Last month’s elections, here in the U.S., represent a significant shift in both leadership and policy direction. As a historian, I’m always interested in understanding the how and the why of such consequential events.
In my role as head of the Gates Foundation’s Postsecondary Program, I’m also interested in what they mean for higher education. So, over the past several weeks, I have been engaged in a lot of conversations and done a lot of reading, which has taken me from gas stations in Iowa, to executive offices in New York, to campuses on the east and west coasts, and in between. It has been a fascinating, sobering, and ultimately inspiring experience.
The common thread running through all that I’ve learned? We live in a nation increasingly anxious and angry over real and widening gaps—gaps between the more educated and less educated; the well-off and the economically vulnerable; urbanites and rural residents; white and non-white—and the list goes on. Beneath all of it is a sense that a significant part of our nation has been left behind, that the state of our union is more fractured than we realized.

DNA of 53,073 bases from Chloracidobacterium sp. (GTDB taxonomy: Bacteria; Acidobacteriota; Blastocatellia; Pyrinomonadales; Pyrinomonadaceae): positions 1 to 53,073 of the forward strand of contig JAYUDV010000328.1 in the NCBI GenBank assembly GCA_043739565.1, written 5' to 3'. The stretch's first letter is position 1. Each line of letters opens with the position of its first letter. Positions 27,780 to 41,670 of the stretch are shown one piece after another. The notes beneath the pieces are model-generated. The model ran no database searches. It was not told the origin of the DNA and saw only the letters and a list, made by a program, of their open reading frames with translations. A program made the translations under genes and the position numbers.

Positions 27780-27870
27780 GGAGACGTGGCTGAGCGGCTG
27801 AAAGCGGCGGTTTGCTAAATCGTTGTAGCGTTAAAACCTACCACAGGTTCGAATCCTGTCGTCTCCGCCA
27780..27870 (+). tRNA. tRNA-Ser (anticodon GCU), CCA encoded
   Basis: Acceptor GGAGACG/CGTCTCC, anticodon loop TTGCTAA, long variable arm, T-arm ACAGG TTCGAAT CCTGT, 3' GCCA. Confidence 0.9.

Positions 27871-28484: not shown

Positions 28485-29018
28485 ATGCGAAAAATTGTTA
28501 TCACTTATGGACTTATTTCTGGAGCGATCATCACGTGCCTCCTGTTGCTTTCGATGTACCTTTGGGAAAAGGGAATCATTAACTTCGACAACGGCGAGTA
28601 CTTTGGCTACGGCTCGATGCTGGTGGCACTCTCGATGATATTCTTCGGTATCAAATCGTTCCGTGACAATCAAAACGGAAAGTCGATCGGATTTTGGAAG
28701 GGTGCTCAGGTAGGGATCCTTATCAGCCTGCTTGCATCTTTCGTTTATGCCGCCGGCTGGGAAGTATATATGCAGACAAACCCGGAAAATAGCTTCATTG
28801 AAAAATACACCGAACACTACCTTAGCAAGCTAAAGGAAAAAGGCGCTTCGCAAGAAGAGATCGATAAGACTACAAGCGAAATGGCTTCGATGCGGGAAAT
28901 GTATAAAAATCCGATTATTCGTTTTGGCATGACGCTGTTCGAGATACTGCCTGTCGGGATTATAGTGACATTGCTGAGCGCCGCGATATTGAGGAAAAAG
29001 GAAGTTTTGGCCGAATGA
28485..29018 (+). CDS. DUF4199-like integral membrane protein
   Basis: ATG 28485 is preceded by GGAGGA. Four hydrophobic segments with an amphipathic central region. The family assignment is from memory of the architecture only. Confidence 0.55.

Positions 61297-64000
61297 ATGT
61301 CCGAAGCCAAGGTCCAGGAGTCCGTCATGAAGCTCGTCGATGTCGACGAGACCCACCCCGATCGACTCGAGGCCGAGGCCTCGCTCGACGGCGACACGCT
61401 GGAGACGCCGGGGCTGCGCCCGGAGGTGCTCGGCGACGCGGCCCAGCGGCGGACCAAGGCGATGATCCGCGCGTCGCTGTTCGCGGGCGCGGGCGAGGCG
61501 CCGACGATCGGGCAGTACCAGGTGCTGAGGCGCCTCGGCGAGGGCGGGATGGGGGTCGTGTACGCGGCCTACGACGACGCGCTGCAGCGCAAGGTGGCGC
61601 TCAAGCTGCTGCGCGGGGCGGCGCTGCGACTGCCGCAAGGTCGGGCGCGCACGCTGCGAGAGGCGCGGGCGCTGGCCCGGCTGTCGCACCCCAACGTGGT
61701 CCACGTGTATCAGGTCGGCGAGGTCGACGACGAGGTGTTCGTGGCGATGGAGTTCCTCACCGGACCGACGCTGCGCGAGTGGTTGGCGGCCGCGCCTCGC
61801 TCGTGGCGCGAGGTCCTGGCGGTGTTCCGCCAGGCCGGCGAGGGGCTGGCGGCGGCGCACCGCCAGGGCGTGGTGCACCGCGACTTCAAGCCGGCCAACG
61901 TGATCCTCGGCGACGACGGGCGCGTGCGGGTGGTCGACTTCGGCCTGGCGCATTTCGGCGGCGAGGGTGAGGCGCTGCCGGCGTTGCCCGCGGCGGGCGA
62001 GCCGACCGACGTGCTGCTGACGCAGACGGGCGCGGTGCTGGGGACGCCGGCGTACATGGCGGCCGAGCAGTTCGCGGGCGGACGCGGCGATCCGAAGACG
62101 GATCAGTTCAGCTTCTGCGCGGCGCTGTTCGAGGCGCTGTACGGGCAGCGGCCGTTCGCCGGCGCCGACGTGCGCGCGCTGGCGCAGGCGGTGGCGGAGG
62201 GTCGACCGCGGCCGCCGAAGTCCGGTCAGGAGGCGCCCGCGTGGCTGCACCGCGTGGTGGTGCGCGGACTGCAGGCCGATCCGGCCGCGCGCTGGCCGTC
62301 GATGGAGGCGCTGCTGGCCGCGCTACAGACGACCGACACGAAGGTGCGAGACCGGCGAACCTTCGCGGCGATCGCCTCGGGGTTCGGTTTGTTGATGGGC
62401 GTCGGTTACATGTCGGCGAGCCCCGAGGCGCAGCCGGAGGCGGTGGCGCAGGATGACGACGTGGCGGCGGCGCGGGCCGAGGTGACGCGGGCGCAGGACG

These gaps extend to higher education, as well. One of the most profound gaps is between the rhetoric and reality of our enterprise; the aspirations of our system versus its current results. Even as we weave hopeful narratives about the role of higher education in the world that is unfolding, we must acknowledge and, more importantly, attempt to bridge the gulf between where we are, and where we would like to be. This is important, because I believe that higher education played a role in bringing us to this place, and higher education must play a role in moving us forward.
Higher education must confront four essential questions that speak to the gap between rhetoric and reality:
What qualifies as “higher education,” and who needs it?
Even today, we labor under outdated stereotypes about the definition of college (four-year, residential, campus-based) and of the prototypical college student (18-years-old, directly out of high school) that fail to embrace the true diversity of education after high school and of those seeking a degree or certificate. Nearly all of the jobs created since the Great Recession required some form of education after high school; everything from competency-based credentials to post-doctoral study.
But, our view of “what counts” as higher education is far too limited and parochial, our existing delivery systems are too leaden and inflexible, and new ways of packaging and delivering knowledge face many cultural and regulatory hurdles. This must change if higher education is to remain relevant and keep pace in today’s economy.
To read more, visit the Impatient Optimists blog of the Bill & Melinda Gates Foundation.
This blog post was written by Daniel Greenstein, director of Postsecondary Success Strategies at the Bill & Melinda Gates Foundation.